With gravity measurements in the tunnel and on the surface along the tunnel, our study assessed the geological model of the Gotthard Base Tunnel, the currently longest tunnel in the world (57.1 km). It turns out that local and regional rock-density data explain the structure very well. Full details in our publication in Swiss Journal of Geosciences.
Following years of development, testing and validation, our new approach how to construct a crustal structure and shear-wave velocity model based on seismic receiver functions has just been published. The first part of the paper explains the methodology, the second applies it to the Central Alps and the AlpArray dataset. One key element is the new model parameterization, shown below.
Three weeks into the drilling phase of DT-1b, the hole’s current bottom is at 175 m below surface. There have been smooth and efficient days with night shifts, other days with more or less improvisation, rig change, minor fracture zone, and other adventures. The weekly shifts rotate and we look forward to a first logging session in the coming weeks.
On October 6th 2022, the first hole (DT-1b) of project DIVE has started the drilling operations just outside Ornavasso. Bedrock was encountered within a meter from the surface, as predicted by subsurface geophysical surveys by MUL. Partners from numerous countries gather on site to set the routine workflow in the coming days. Updates can be followed at THIS ICDP weblink.
On Saturday 10.09.2022 a magnitude 4.7 earthquake happened 15 km from Basel, towards Mulhouse (France). The shaking has been widely felt in Switzerland, all across the plateau, and in a large part of the Alps. So far there are no news of damages. A summary in German and French is available on the news page of the Swiss Seismological Service, and the RTS Téléjournal has reported on the event on Sunday. The closest low-cost seismometer of the school seismology network has recorded the following waveform in Bienne/Biel, and here is a figure showing all recordings at schools.
There are rare events in nature. Today the Liechtenstein parliament was debating the matter of earthquake insurance. Exactly at that time, first a magnitude 2.1, then 32 seconds later a magnitude 3.9 earthquake has shaken the building. The session was temporarily interrupted and the chamber evacuated. (Source: euronews). Here is a video about the event:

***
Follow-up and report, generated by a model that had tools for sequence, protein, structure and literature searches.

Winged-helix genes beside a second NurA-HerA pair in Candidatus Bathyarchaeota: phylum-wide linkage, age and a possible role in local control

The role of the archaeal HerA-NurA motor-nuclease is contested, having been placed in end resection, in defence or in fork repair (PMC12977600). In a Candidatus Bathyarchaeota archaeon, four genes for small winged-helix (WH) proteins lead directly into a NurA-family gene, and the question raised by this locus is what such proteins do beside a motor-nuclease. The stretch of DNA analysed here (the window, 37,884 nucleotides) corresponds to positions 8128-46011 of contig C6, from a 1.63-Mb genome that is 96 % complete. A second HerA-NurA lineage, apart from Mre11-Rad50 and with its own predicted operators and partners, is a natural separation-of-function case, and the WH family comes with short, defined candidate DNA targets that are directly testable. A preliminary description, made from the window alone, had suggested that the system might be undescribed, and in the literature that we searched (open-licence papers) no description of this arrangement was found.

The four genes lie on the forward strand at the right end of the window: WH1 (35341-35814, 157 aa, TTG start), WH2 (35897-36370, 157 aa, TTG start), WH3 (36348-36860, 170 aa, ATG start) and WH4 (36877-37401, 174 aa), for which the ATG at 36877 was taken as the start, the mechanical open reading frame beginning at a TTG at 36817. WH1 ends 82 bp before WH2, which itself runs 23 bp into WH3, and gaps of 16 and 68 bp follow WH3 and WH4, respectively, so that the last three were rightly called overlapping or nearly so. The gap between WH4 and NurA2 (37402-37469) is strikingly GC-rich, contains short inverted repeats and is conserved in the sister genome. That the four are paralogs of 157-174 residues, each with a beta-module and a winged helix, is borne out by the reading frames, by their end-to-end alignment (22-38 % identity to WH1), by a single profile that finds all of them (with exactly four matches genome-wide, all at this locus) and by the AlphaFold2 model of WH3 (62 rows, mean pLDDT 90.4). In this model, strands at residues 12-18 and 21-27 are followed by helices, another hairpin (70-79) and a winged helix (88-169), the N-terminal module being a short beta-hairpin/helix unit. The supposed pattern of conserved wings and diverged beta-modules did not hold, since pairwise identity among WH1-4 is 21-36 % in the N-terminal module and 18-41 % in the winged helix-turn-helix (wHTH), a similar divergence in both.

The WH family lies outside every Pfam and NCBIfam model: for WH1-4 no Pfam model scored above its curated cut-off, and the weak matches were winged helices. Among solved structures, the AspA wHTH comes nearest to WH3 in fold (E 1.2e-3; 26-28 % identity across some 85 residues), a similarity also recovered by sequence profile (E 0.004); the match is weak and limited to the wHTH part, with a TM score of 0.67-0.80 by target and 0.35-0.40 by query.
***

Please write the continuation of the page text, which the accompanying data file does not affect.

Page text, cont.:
An overview of this deadly earthquake two weeks after it occurred has appeared in Nature news. There is limited information available, and a lot remains to be discovered.
La Faculté des Géosciences et de l’Environnement a le plaisir d’accueillir la Prof. Barbara Romanowicz (UC Berkeley et Collège de France) le 23 et 24 juin pour deux séminaires à l’Université de Lausanne:
Conférence public, le jeudi 23 juin à 17h15 (ANT-1129): Les grands tremblements de terre et les raz de marée: pourquoi, quand et comment?
Séminaire spécialisé, le 24 juin à 12h00 (GEO-2130): L’imagerie sismique de la Terre profonde: qu’avons-nous appris depuis 40 ans sur la structure et la dynamique interne de notre planète?
Tomorrow – and it is not a joke – the entire AlpArray Seismic Network data will become publicly open.
A few numbers to mark this event… July 2011: planning and coordination start. May 2015: Memorandum of Understanding signed between numerous universities and observatories. January 2016 to March 2019: 39 months of operation of the entire network. March 2022: several temporary seismological stations are still running, or have become permanent. The total data archive size is on the order of few dozens TeraBytes.
The AlpArray Seismic Network was one of the largest, simultaneously operated, broadband seismological networks in the academic domain, employing hexagonal coverage with station spacing as shown below.